He believed that Scientology practices should be freely available for others to develop for the benefit of mankind, not held as trade secrets by the Church of Scientology and L Ron Hubbard. Burroughs was, in fact, one of the first ‘Independent Scientologists’.
Perhaps the prospect of debating with a prominent literary figure in public appealed to Hubbard’s vanity. Whatever the reason, he submitted a reply, which was duly published. You can read it &/or download the full text above and decide for yourself if Hubbard addressed the issues raised by Burroughs or attempted to evade them.
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Western Evening Herald | Wednesday 28th January 2015
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I couldn’t resist this Scientology-related story from a local paper in Plymouth in the UK (where I happen to live).
The Church of Scientology seem to have embraced an opportunity to generate some positive PR which is essentially critic proof. Anyone who criticises a ‘Church’ wedding is going to sound mean.
I sincerely wish this couple well. At the same time, we still need to examine the claims made in this article more closely because it contains a number of factual errors, distortions and omissions.
After the break, there is a complete transcript of this news item, followed by my (slightly different) interpretation.
2011 | Scientology – Basically Obsessed with Money | Tampa Bay Times| Joe Childs, Thomas C Tobin and Maurice Rivenbark | View Online | Download as .mp4
Scientology has always taken a ‘hard sell’ approach to its products. These are courses which, according to L Ron Hubbard’s book “Dianetics”, would enable people to raise their IQ, develop total recall, correct faulty eyesight, grow new teeth and become immune to disease. Modern Scientology takes a less ambitious line (at least in public) promising only ‘spiritual development
Hubbard wrote extensively on the subject of pressuring people to buy courses. After his death, these writings were complied into the “Hard Sell Pack” a manual which is required reading for Scientology “registrars” (AKA “regs”) – salesmen and women who are not allowed a course completion to pass without the student signing up (and paying) for the next step. This pack included a book by an aggressive car salesman, entitled “Big League Sales Closing Techniques“.
The new regime, under David Miscavige cannot originate new material because Hubbard is considered to have had the final (and infallible) word on the subject. Scientology ‘research’ ended with his death.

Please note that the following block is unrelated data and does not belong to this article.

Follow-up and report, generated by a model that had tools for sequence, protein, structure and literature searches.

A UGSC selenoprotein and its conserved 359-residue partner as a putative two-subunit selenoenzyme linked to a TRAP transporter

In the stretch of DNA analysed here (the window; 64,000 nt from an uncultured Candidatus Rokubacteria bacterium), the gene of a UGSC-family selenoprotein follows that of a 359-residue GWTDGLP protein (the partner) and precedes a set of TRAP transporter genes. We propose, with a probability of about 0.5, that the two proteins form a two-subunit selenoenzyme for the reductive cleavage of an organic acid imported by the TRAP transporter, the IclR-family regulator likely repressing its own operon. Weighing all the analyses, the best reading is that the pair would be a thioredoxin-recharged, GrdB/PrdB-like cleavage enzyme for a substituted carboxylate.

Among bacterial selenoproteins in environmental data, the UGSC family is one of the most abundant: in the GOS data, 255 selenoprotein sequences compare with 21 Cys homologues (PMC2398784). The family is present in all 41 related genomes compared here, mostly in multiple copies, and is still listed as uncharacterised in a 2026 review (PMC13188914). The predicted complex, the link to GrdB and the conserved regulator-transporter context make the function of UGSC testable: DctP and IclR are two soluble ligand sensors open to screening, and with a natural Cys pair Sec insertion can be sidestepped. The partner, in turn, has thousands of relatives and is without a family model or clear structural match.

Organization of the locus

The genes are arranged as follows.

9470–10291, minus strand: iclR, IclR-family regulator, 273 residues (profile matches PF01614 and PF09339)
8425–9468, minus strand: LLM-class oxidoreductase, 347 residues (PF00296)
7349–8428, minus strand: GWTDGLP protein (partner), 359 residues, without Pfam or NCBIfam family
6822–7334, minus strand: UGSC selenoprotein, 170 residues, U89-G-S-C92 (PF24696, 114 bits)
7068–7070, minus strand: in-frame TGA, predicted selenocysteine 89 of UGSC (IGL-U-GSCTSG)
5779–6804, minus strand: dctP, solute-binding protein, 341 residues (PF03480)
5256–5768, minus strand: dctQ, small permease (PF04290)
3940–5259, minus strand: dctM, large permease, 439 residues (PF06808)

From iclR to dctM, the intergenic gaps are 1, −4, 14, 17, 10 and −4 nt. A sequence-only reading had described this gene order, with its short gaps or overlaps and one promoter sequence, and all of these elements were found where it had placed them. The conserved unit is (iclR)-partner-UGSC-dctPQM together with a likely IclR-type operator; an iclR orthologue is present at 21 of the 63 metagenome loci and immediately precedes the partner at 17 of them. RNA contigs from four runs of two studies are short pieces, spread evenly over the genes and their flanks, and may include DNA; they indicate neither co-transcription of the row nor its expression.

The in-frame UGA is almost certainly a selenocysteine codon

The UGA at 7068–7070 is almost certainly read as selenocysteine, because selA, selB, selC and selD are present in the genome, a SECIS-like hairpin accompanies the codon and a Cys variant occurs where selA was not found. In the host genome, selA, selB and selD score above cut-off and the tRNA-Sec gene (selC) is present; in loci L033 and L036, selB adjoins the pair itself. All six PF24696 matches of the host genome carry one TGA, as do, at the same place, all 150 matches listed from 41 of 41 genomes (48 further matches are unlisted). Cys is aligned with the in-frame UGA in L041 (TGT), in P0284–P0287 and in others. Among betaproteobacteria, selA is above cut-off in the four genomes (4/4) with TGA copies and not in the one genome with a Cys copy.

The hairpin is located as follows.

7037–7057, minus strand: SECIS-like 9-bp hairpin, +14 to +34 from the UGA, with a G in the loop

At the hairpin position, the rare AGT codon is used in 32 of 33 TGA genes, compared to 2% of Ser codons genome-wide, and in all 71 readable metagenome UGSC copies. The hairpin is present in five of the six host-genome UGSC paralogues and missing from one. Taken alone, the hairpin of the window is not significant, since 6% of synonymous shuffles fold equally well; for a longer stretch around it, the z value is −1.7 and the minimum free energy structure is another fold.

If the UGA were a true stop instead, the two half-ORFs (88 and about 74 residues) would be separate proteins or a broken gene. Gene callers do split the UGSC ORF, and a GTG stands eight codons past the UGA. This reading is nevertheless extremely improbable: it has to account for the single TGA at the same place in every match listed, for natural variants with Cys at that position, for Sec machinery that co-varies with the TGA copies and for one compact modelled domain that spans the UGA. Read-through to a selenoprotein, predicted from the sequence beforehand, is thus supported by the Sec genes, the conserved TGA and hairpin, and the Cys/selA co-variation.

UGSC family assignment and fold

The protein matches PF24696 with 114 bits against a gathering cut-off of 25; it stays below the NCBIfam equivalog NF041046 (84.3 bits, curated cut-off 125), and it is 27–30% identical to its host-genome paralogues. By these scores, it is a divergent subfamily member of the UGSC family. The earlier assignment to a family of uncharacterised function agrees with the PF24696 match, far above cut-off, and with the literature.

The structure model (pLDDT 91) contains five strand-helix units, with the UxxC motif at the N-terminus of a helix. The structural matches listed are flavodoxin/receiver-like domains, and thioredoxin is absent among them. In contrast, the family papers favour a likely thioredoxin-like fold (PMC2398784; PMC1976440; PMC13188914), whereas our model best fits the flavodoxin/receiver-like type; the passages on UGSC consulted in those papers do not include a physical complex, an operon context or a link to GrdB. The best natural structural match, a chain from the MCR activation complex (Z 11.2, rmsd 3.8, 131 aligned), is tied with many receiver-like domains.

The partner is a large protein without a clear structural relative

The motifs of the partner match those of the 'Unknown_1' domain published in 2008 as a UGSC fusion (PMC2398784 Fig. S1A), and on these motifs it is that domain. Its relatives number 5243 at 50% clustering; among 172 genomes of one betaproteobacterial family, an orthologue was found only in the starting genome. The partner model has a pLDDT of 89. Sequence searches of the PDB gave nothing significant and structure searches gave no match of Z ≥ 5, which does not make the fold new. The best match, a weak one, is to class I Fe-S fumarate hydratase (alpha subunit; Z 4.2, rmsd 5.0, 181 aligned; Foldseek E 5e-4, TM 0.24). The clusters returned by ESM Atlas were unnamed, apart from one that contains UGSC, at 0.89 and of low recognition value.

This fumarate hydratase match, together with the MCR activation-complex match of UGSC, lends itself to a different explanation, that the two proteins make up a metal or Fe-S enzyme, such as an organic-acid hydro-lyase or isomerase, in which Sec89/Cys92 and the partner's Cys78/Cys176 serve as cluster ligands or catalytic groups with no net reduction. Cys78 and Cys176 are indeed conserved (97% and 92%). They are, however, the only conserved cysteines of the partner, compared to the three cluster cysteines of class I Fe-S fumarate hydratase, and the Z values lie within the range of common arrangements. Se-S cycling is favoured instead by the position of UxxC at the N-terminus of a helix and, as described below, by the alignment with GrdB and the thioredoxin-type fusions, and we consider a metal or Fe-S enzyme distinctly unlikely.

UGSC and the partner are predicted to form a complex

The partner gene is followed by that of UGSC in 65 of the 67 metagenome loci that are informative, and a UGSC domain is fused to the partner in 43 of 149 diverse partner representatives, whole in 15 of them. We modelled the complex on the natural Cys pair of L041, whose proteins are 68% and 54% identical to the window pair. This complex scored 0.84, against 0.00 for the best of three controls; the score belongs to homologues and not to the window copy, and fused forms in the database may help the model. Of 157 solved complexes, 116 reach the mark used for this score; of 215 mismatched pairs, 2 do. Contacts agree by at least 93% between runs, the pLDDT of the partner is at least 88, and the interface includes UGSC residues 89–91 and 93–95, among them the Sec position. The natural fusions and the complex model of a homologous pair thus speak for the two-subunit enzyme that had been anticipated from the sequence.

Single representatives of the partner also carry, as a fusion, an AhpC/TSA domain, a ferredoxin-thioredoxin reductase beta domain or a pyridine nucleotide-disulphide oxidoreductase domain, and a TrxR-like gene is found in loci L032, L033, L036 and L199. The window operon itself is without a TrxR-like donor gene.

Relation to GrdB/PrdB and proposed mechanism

Instead, they seem to pursuing Hubbard’s advice about the importance of raising money to its logical conclusion – a series of campaigns in which your status in Scientology is determined not by your progress through the secret teachings but directly according to the amount of money that you contribute. Continue reading
1983 | Sue Lindsay | Rocky Mountain News | Claimed Interview with L Ron Hubbard
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In a previous post – L Ron Hubbard’s Ghost (Writer) – I have described how Robert Vaughn Young, the Scientologist tasked with handling Hubbard’s literary business, also wrote a number of postal ‘Interviews’ for him.
One of these interviews was published in a book (Dream Makers) by Charles Platt. In an introduction, Platt expressed scepticism that the manuscript (which he had received in the mail) had been written by Hubbard – and had good reason to suspect that it had really been produced by Robert Vaughn Young.
Platt published anyway – possibly because it could do no harm to the sales of a such specialised book (composed of a number of interviews with Science-fiction authors) to include a rare exchange with a notorious recluse.
The second interview (and the subject of this post) was published in a newspaper called “Rocky Mountain News“. Like the interview in “Dream makers”, it was intended to promote Hubbard’s novel “Battlefield Earth” and his upcoming series “Mission Earth”. It was another failure.